Real-World Studies Show Insufficiency For Informing Clinical, Reimbursement Decisions of Novel Cancer Drugs

Low study quality was determined in an analysis of real-world studies across multiple drug indications in cancer.

The quality of real-world data (RWD) regarding novel anticancer therapies is often low and of insufficient rigor to influence decisions and may require quality assessment upon submission for publication, according to a study published in the European Journal of Cancer.

It was found that 78% of studies within this retrospective cohort were of low quality with none found to be of high quality. There were differences in median survival between real-world studies and corresponding trials which ranged from –32 months to 21 months (interquartile range [IQR], –4.2 months to 1.6 months). Additionally, low-quality studies had 23% higher outcomes compared with higher studies at 8% (P = .020).

“This retrospective cohort study provides the first systematic evaluation of RWD [real-world] studies reporting the effectiveness of cancer drugs for the treatment of solid organ malignancies approved by the EMA and FDA between 2010 and 2015. Overall, most EMA/FDA drugs now have RWD studies available. However, their methodologic quality is generally poor, with no high-quality studies identified and approximately 80% of the 293 studies evaluated scoring 0-3 (out of 9) using the Newcastle Ottawa Scale,” investigators of the study wrote.

This study included 293 RWD studies for 45 out of 57 indications in solid organ cancer as approved by the FDA and EMA from 2010 to 2015. The most common tumor types studied were prostate cancer (29%; n = 86), melanoma (15%; n = 43), colorectal cancer (12%; n = 34), lung cancer (11%; n = 33), and kidney cancer (11%; n = 32). Each of the studies either used small molecule inhibitors (37%, n = 108), cytotoxic agents (22%; n = 65), hormonal agents (17%; n = 50), or monoclonal antibodies (16%; n = 48) as their mechanism of action.

Of the trials, only 2% (n = 6) used data from the national cancer registries and 38% (n = 113) were from single-center evaluation, whereas 27% (n = 79) were funded by the pharmaceutical industry.

On the Newcastle Ottawa Scale that scores cohort studies across domains of study group selection, group comparability, and ascertainment of exposure and outcome, patients were scored out of 9 with 9 having the lowest risk of bias. A total of 78% of studies (n = 230) were considered to be low-quality, scoring between 0 to 3, 22% (n = 63) were moderate quality and scored between 4 to 6, and there were no high-quality studies that scored between 7 to 9.

For case series, 22% were found to adequately evaluate survival, and 33% had sufficient follow-up to estimate survival; additionally, 38% met the criteria for an adequate description of participant selection.

Investigators found that studies that had funding, demonstrated a trend toward better quality compared with those that were not funded, although this difference was not statistically significant (P = .082). In terms of studies that were funded by the pharmaceutical industry, 35% (n = 28) were of medium quality compared with 17% (n = 34) that did not have industry funding.

Studies that were conducted in the Netherlands had the highest number of scores between 4 to 6 at 63% (n = 5/8), followed by 57% (n = 8)/14 of multicenter international studies, 36% (n = 15/42) in Italy, and 33% (n = 5/15) in Spain. The tumor types that had the highest scores between 4 to 6 were sarcoma (46%; n = 6/13), gastric cancer (31%; n = 5/16), and breast cancer (30%; n = 7/23). When assessing quality based on drug interactions, 44% (n = 20) did not have real-world studies that scored between 4 to 6.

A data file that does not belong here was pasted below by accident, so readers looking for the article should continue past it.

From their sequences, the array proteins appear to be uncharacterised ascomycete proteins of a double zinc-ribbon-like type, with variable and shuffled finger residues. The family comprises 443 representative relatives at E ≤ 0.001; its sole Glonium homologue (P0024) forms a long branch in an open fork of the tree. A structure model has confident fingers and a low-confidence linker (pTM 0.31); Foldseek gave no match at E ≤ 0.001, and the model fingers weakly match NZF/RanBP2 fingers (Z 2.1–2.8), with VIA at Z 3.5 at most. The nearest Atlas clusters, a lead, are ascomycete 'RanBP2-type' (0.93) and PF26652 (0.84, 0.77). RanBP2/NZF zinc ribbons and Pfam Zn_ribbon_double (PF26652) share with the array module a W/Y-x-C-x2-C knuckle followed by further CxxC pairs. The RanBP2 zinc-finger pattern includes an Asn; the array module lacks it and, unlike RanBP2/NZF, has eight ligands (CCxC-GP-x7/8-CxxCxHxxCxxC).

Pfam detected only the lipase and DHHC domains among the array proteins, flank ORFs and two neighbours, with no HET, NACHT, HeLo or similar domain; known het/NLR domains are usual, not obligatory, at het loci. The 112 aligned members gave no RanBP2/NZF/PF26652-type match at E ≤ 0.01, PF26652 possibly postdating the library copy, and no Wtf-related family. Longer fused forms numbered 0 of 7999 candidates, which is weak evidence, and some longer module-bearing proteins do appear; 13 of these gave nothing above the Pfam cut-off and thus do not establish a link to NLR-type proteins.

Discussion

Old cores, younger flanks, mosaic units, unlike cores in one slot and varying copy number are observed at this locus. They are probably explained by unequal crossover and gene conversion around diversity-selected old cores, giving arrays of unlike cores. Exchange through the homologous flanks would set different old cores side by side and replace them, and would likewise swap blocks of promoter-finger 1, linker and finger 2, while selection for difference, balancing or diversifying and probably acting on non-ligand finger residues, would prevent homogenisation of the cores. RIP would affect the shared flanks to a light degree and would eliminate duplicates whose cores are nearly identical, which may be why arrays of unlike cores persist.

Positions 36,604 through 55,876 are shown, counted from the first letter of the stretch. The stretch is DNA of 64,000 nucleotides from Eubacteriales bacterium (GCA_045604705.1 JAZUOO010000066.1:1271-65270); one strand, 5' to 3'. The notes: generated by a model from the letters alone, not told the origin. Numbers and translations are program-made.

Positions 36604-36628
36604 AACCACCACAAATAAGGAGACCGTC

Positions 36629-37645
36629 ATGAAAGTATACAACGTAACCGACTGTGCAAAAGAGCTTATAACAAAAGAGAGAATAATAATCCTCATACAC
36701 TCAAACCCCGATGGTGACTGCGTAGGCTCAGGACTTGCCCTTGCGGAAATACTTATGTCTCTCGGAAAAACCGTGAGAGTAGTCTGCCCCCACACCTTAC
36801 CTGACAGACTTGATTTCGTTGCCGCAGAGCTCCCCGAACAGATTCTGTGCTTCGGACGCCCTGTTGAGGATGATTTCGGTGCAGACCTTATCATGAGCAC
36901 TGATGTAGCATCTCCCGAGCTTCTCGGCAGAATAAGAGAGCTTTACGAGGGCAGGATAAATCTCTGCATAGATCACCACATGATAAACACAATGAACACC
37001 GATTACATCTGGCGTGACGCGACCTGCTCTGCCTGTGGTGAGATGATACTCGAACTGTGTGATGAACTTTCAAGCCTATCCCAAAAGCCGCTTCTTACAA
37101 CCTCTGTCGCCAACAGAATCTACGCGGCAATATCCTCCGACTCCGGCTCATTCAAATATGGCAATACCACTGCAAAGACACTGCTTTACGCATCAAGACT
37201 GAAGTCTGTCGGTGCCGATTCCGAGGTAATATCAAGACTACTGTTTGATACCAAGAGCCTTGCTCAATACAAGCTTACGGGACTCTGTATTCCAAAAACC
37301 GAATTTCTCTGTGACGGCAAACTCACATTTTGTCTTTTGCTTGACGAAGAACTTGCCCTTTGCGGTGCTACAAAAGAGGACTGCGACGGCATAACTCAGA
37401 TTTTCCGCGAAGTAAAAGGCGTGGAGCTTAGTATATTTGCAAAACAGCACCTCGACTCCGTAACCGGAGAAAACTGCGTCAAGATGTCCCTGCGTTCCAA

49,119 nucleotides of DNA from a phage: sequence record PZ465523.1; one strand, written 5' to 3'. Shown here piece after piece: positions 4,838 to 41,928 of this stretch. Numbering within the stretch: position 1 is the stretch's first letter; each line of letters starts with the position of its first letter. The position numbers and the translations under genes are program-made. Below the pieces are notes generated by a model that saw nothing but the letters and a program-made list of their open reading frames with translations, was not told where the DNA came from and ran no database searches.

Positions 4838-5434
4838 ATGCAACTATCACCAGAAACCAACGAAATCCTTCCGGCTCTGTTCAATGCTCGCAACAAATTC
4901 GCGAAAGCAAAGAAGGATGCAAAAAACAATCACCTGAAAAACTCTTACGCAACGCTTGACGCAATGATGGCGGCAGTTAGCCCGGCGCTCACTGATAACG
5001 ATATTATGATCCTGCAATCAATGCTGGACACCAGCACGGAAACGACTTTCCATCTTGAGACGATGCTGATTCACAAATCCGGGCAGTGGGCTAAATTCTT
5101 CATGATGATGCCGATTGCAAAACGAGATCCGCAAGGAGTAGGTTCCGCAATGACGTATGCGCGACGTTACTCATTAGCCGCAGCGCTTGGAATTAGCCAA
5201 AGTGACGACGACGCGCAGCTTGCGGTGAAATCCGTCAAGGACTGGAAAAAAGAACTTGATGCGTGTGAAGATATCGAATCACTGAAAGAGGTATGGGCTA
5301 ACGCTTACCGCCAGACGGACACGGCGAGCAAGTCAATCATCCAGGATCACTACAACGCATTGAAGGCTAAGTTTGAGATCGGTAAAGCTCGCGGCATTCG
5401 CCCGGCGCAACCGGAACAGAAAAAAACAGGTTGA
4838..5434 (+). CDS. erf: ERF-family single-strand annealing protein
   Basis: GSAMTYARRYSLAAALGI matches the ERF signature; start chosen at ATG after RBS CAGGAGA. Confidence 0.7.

In total, 224 of 293 studies were used in the survival analysis. Of the 224 studies, 37% (n = 82) had superior survival outcomes and 63% (n = 141) had inferior survival outcomes. For all the real-world studies, the median survival difference was statistically inferior by -1.2 months (95% CI, -1.7 to -0.6; P < .001).

The median overall survival (OS) across all 224 real-world studies was 13 months. At the 10% threshold, 26% (n = 58) of real world studies had superior survival, 53% (n = 119) had inferior survival, and 22% (n = 49) had comparable survival to pivotal trials. At the 20% threshold, 15% (n = 35) had superior survival, 40% (n = 90) had inferior survival, and 45% (n = 101) had comparable survival.

Real-world studies that were of lower quality were more likely to report superior survival outcomes compared with the pivotal randomized control trials. At the 10% and 30% threshold, low-quality studies reported better survival compared with 16% of moderate studies (P = .129).

In addition, real-world studies for the same indication consistently presented superior or inferior median overall results compared with the pivotal studies. Investigators identified contradictory survival benefits compared with the pivotal trial, as well as a wide range of survival outcomes (real-world survival range, -7.0 to +14.8 months).

Lastly, investigators identified that, compared with pivotal trials, moderate quality studies reported less variation in median OS (IQR -3.9-0.2) compared with low-quality studies (IQR -4.3-2.4). Across all real-world studies, there was less variation in outcomes reported of moderate quality for those of the same drug indication. This was also observed when comparing funding status, with industry funded studies showing less variation in survival outcomes compared with those without funding.

Reference

Boyle JM, Hegarty G, Frampton C, et al. Real-world outcomes associated with new cancer medicines approved by the Food and Drug Administration and European Medicines Agency: a retrospective cohort study. Eur J Cancer. Published Online August 6, 2021. doi:10.1016/j.ejca.2021.07.001